Search And Rescue Mission
After this incident, Zamperini and his former crewmates were transferred to Hawaii. They were given a B-24 Green Hornet. This plane had a reputation for being defective. On May 27, 1943, the B-24 with Zamperini had difficulties and crashed into the ocean. There were only three survivors from a crew of 11 men. Zamperini, Francis McNamara, and pilot Russell Allen Phillips survived. The survivors had two small rafts they stayed in during this time. They had no water and little food. The three of them lived on small fish they ate raw and rainwater. The survivors tried to get the attention of search planes. They failed to get noticed by them but kept trying. They were constantly fighting off attacks by sharks and avoiding being capsized by bad weather. The three were also shot at several times by Japanese bombers. McNamara died after 33 days at sea.
Prisoner Of War
Zamperini and Phillips reached the Marshall Islands after 47 days adrift with almost no food or water. They were taken prisoner by the Japanese Navy. During the time when they were prisoners, Zamperini and Phillips were both severely beaten and treated poorly until the war was over in August of 1945. Zamperini was the focus of mistreatment by a guard named Mutsuhiro. Zamperini wrote down Italian recipes to try and keep the minds of his fellow prisoners off their situation and food. On August 20, 1945, the commander of the POW camp gathered all of the POWs together and told them the fighting had ended. They were permitted to wash themselves in a nearby river. This is something they had never been previously permitted to do while at the camp.
After World War II
On August 11, 1946, Zamperini was given an honorable discharge from the Army Air Force. Initially, he had been declared missing at sea. After a year of his disappearance, Zamperini was declared killed in action. He eventually made it back to his home. Zamperini was given a hero's welcome. He married Cynthia Applewhite in 1946.
After the war, Zamperini struggled with dreams of strangling his former captors. He started drinking heavily to try and forget his time as a prisoner of war. His wife attended an evangelical crusade by Billy Graham She became a born-again Christian. Zamperini decided to attend a crusade, but he had no real feeling about it. Listening to Graham's preaching, he thought of his time on the raft and being a POW. Zamperini then became a born-again Christian. He forgave his captors and his nightmares stopped. Zamperini then began a new career. He became a Christian evangelist.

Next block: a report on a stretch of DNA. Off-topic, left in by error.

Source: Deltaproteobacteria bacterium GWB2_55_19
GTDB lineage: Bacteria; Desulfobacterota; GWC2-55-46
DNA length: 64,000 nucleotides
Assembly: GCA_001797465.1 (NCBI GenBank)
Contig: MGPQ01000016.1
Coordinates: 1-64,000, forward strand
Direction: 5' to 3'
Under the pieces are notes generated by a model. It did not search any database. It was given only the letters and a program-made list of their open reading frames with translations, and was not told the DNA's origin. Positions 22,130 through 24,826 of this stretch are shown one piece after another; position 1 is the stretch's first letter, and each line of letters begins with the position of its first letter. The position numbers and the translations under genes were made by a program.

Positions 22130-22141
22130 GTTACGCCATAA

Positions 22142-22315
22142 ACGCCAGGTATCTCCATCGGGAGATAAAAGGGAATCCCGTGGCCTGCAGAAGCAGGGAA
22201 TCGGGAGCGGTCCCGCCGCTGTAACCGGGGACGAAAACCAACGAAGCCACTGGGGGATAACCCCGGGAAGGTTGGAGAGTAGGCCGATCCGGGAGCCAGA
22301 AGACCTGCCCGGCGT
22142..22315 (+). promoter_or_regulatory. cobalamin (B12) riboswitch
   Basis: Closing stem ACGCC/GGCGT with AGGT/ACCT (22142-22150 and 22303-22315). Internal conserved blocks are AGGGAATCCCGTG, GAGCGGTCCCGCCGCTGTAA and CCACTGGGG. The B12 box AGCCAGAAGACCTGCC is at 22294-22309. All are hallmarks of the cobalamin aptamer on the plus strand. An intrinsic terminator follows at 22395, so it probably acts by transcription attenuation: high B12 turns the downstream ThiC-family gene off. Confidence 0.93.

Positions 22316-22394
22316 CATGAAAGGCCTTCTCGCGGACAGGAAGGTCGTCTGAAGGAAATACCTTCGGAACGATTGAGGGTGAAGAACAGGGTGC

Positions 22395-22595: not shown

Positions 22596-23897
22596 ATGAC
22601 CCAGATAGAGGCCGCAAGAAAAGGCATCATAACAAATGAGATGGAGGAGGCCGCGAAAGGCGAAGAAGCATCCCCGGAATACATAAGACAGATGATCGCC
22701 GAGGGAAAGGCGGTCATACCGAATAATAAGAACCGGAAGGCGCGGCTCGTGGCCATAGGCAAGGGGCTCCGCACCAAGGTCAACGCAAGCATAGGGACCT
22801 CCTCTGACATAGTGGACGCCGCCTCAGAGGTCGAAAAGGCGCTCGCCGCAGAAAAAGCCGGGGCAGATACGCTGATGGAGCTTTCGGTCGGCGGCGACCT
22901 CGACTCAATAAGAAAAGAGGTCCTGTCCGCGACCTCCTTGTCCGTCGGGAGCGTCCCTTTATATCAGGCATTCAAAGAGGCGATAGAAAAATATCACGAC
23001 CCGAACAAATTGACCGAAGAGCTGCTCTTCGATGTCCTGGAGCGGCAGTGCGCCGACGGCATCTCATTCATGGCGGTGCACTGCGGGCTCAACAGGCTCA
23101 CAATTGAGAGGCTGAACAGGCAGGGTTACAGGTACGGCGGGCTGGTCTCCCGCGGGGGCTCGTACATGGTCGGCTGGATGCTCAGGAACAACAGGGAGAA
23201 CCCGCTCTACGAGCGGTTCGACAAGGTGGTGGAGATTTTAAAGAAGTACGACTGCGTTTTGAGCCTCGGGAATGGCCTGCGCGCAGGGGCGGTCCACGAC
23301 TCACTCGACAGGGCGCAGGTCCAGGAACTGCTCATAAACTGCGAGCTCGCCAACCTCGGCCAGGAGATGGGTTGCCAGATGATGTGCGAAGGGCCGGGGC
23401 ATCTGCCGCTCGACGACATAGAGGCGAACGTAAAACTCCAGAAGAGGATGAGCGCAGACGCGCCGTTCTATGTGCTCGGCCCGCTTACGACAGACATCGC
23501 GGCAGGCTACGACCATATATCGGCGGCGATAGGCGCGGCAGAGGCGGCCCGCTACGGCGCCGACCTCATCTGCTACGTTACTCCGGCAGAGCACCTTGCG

Zamperini wrote two memoirs that told about his experiences. Each of them had the title “Devil at My Heels.” The Biography about Zamperini titled “ Unbroken: A World War II Story of Survival, Resilience, and Redemption,” was written by author Laura Hillenbrand and released in 2010. It was a New York Times best seller. Time Magazine named it the top nonfiction book for 2010.
The book by Laura Hillenbrand was adapted into film twice. The first movie was “Unbroken.” It was directed by Angelina Jolie. Jack O'Connell played the part of Zamperini. This movie covered the time up until Zamperini came back from World War II. A sequel to the movie was called “Unbroken: Path to Redemption.” It covered the time Zamperini spent recovering from his time as a POW. It was directed by Harold Cronk. The movie was released in September 2018. In this movie, Samuel Hunt played the part of Zamperini. A 30-minute documentary was released by the Billy Graham organization in 2015. It focused on Zamperini's faith and how he credited it with his recovery.
Louis Silvie Zamperini passed away at his home in Los Angeles on July 2, 2014. His cause of death was pneumonia. Zamperini was 97 years old.
© 2021 Readmikenow
Readmikenow (author) on September 10, 2021:
MG Thanks, I think we can agree, he survived a lot of things.
MG Singh emge from Singapore on September 09, 2021:
Another interesting article. I liked reading about this man. Life as a POW under the Japanese would have been hell; the important thing is he survived.